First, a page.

And then I found out, that my experience was entirely unneccessary. I could have had my treatment of choice - if only my doctor/hospital had facilitated it. If only I mattered enough to them, I would have got the care that I had sought. Apparently, I didn't matter enough. I was truly violated, not by some strange twist of fate, but either by negligence or intent. If this situation is not cruel and unusual, I don't know what is.

I know, that as a result, I need therapy. There's only so much that a person can be expected to handle on an emotional level - despite my better efforts.

There is still much work to be done to 'fix it'...if that is even possible.


  1. I am so sorry your birth day did not go as planned. However, we can;t control everything life. You can't change the past and no one know what the future is like. We can only deal with now. You can let go of the past and take it one day at the time. We live in the society that teaches a one big lie. The big lie is that thing are under our control and will go as planned as long as we do the right thing. It is not true and that belief make many people left traumatized and unhappy.
    I had a great labor, I am educated strong person, I did everything right. My child has a serious illness . Maybe I do not matter to the universe, but I do not care. What happened to my family can't be changed. It does not matter to me who caused it, genes, doctors,God...because it is what it is.

    I highly recommend that you go see a therapist. Therapy can be very helpful in processing violent experiences. You owe it to yourself and you child. You are right in that despite your best efforts a time will come when you will not be able to handle it on the emotional level.

  2. I'm so sorry. I think you need to hear that more.
    You were violated. You spent months believing in your doctor and preparing for your c-section. You were violated, it appears it was intentional, and it was wrong, and I am very sorry. You thought that you would be kept safe, that your wishes would be respected, that your body was going to be respected, and instead, you were forced to go through something you did not agree to. It's a horrible betrayal of confidence in the world and no wonder you feel like you've been betrayed.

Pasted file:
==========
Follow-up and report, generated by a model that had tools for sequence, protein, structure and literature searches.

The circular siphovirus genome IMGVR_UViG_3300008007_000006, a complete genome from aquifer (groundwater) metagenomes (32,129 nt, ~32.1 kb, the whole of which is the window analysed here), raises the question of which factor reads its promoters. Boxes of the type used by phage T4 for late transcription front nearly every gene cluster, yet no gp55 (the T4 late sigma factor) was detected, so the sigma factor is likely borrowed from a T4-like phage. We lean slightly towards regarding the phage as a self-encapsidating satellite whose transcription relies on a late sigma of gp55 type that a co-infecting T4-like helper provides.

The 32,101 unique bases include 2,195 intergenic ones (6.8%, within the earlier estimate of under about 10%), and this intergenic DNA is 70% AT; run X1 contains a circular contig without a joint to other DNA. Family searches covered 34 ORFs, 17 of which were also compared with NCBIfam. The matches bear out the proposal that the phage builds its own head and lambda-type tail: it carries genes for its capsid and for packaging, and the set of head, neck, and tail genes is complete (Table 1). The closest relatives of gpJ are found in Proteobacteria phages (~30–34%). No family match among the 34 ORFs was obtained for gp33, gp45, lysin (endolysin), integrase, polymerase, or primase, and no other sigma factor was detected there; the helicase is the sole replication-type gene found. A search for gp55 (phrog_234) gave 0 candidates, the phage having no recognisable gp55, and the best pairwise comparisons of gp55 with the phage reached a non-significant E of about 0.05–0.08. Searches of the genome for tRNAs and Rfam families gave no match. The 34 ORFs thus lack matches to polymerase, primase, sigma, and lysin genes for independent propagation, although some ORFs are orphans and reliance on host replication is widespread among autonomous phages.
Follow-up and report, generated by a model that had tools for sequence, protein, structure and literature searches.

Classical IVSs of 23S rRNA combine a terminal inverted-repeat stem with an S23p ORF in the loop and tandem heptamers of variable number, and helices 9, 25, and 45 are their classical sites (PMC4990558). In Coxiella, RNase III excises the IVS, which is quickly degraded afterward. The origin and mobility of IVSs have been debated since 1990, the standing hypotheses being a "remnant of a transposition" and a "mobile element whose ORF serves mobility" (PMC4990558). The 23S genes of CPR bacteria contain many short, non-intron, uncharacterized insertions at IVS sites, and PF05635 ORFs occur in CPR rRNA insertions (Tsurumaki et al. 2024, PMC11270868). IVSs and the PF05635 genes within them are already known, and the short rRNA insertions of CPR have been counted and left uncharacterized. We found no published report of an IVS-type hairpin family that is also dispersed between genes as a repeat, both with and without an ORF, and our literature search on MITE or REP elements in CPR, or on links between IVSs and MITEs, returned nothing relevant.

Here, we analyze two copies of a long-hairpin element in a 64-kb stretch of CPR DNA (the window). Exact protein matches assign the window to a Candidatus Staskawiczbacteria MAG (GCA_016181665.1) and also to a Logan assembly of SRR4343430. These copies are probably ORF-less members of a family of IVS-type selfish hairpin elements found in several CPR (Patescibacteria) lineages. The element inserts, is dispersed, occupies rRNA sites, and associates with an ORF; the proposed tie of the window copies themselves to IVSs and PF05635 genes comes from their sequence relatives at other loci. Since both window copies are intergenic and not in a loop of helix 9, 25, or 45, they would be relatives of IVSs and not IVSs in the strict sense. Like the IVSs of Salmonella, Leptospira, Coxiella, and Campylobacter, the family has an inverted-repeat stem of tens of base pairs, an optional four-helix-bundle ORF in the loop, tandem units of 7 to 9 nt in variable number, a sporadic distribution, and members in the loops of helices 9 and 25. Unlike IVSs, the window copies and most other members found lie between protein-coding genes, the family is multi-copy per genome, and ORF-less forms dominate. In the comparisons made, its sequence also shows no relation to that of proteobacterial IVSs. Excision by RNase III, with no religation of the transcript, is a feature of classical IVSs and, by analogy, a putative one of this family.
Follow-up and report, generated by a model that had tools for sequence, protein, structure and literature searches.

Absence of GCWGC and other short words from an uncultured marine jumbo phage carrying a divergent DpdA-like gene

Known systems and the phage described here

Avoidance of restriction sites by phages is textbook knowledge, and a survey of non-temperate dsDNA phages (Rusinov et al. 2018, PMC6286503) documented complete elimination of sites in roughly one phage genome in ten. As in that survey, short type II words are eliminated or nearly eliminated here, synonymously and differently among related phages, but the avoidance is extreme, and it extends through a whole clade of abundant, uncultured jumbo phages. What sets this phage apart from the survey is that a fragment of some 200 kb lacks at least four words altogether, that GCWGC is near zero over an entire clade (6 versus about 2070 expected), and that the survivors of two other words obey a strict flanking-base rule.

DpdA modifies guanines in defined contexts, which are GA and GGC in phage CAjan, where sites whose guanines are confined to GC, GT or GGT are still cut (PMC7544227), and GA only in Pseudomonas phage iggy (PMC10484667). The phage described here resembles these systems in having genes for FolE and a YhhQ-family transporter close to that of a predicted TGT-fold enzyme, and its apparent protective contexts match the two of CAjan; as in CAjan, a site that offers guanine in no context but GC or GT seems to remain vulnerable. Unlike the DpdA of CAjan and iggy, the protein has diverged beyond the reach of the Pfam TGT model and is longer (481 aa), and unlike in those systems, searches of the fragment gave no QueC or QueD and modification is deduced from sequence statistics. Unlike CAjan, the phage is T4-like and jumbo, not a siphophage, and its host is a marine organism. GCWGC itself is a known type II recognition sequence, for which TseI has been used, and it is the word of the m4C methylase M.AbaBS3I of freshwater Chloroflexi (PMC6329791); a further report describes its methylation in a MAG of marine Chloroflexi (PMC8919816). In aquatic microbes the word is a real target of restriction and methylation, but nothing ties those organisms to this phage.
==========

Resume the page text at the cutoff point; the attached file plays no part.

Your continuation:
Yes to finding a good therapist.
    I'm not as philosophical as the above poster. It does matter who caused this. And someone should be held to account for lying to you, and betraying your trust. It was absolutely a betrayal of the faith you had in your physician and the system. Frankly, what happened is exactly the kind of scenario that would cause PTSD. :(
    Keep writing.
    -The Pragmatist.

  3. And, if I could not have had a c-section, I would not have carried to term. I would have made other choices. You had that right. You had the right from the beginning to terminate your pregnancy if you truly did not want to go through vaginal delivery. You were stripped of that right, because people in authority lied to you. That is WRONG. I am very angry for you.
    -The Pragmatist.

  4. If I would have thought a caesarean delivery was not going to be the outcome of the pregnancy, I definitely would have made different choices. My daughter was very wanted though - I perhaps would have considered some of the alternatives I'm considering now with trespect to a second pregnancy (having the baby out of province or out of country).

    Thank you pragmatist, your words are helpful.

  5. I could be philosophical if I were satisfied that quality care was provided and yet a bad outcome resulted. Bad things happen, sometimes to good people for no good reason.

    When bad things happen because somebody dropped the ball - that's a different paradigm. There must be accountability, there must be some acknowledgement of failure, and an effort to ensure that such needless harm not occur again. That is the situation I am in.

  6. I see that you are working to help others avoid what you have been through. Keep up the good work!